Most people wouldn’t be too concerned if they saw their dog’s stomach a little swollen. The logical conclusion many would make is that the dog simply ate too much. Although that is a possibility, swelling of a dog’s stomach can actually be a life-threatening condition known as GDV. According to Doctors Foster and Smith, if your dog’s stomach appears swollen, you should contact their veterinarian immediately.
Also known by the names bloat, twisted stomach or stomach torsion, GDV can cause a dog to die in only a matter of hours. This is why if your dog’s stomach is bloated, you should consider it to be a life-threatening emergency. No home remedies for GDV exist, and even dogs who receive veterinary treatment have a 25-33% chance of dying.
What happens with GDV in dogs is that for unknown reasons, the stomach fills up with air and puts significant pressure on the diaphragm and other organs. This makes it very difficult for the dog to breathe. When the stomach is filled with air, large veins in the abdomen become compressed, and this stops blood from going back to the heart. Blood supply to the stomach becomes stifled, and the stomach begins to die. Doctors at WebMD call GDV “the mother of all emergencies.”
The exact cause of GDV is still up for debate. When food or gas stretches a dog’s stomach, the distended stomach rotates and the gas becomes trapped inside.
Some breeds are more prone to having belly bloat. Experts say that GDV is far more likely to happen in large breeds that have deep, narrow chests. According to a Purdue University study, the top 10 breeds most likely to develop belly bloat in dogs are as follows: Great Dane, Saint Bernard, Weimaraner, Irish Setter, Gordon Setter, Standard Poodle, Basset Hound, Doberman Pinscher, Old English Sheepdog, and the German Shorthaired Pointer.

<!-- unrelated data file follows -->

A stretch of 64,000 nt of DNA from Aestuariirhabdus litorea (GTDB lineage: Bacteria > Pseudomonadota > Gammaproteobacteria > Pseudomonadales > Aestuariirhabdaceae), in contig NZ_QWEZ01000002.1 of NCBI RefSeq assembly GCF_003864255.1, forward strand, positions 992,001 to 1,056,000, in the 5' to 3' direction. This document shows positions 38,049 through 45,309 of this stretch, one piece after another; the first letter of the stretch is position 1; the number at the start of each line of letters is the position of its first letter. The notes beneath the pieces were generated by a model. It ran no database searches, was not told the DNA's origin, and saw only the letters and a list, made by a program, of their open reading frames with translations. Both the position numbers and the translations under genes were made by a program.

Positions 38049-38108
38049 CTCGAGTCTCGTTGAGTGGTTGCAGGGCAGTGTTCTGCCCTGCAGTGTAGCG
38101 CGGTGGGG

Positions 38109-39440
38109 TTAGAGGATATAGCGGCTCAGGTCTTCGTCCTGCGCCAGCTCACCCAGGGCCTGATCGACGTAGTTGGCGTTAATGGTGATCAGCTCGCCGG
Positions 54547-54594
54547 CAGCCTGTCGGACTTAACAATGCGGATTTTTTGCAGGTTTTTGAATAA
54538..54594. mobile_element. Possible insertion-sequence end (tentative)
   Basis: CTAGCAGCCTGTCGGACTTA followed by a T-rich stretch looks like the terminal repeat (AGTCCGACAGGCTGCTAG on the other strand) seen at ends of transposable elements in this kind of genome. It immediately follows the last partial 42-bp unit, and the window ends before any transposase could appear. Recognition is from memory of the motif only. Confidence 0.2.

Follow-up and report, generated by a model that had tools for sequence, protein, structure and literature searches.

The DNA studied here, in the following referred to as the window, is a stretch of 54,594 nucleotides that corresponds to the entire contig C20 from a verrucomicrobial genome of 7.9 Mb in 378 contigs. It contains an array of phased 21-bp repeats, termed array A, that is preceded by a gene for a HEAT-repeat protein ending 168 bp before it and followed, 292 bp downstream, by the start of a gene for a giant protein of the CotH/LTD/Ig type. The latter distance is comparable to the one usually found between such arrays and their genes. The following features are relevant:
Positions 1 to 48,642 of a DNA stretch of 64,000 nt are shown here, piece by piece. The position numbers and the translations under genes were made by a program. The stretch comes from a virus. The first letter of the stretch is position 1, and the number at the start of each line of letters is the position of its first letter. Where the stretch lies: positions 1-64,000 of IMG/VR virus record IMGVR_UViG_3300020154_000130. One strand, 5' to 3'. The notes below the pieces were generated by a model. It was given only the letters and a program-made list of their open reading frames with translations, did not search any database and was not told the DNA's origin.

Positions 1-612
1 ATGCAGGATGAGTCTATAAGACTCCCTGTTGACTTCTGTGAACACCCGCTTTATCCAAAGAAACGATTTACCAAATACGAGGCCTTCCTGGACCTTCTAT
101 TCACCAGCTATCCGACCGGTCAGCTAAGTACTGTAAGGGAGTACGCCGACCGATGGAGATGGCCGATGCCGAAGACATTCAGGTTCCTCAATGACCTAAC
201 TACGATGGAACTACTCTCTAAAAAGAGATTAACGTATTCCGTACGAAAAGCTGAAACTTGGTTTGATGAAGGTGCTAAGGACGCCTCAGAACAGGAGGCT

Here are some other factors that put your dog more at risk:
- Only feeding your dog once a day
- Family history of GDV
- Dog eats too quickly
- The dog is between 7 and 12 years old
- If the dog weighs over 99 pounds, the risk increases by 20%.
Because so many factors play a part in causing bloat, preventing it may be difficult. However, WebMD says there are a few things you can do to help.
- Feed your dog 2 or more meals each day
- Include canned food in his diet
- After eating a full meal, the dog should rest. No strenuous exercise should be allowed after he eats.
Other Possible Causes of Belly Bloat in Dogs
Your dog’s stomach may also become bloated if he has developed a serious infection known as Peritonitis. This happens when your dog’s stomach or intestine becomes punctured, usually due to splinters from a bone. This could also happen due to an ulcer or a tumor. Peritonitis also happens if the gallbladder or urinary bladder ruptures. This of course is very painful for the dog. Dogs with peritonitis require surgery, antibiotics, pain relief and intravenous fluids.
Cushing ’s disease is another possible cause of belly bloat in dogs. This condition is caused by an overproduction of the hormone, cortisol. Additional signs of Cushing’s disease include hair loss, eating and drinking more, and urinating more.
Ascites is another possible cause of belly bloat in dogs. This is the accumulation of fluid in the abdomen. It can be caused by many things, including heart failure, liver disease, kidney problems or intestinal disease. Stomach swelling can also be caused by internal bleeding.
With all of these things being said, your dog’s belly can also become bloated if he has eaten too much. Although something as simple as this could be the cause, because it could be more serious, it is recommended to get a veterinary diagnosis if your dog’s stomach becomes bloated. Taking a chance could cost your dog his life.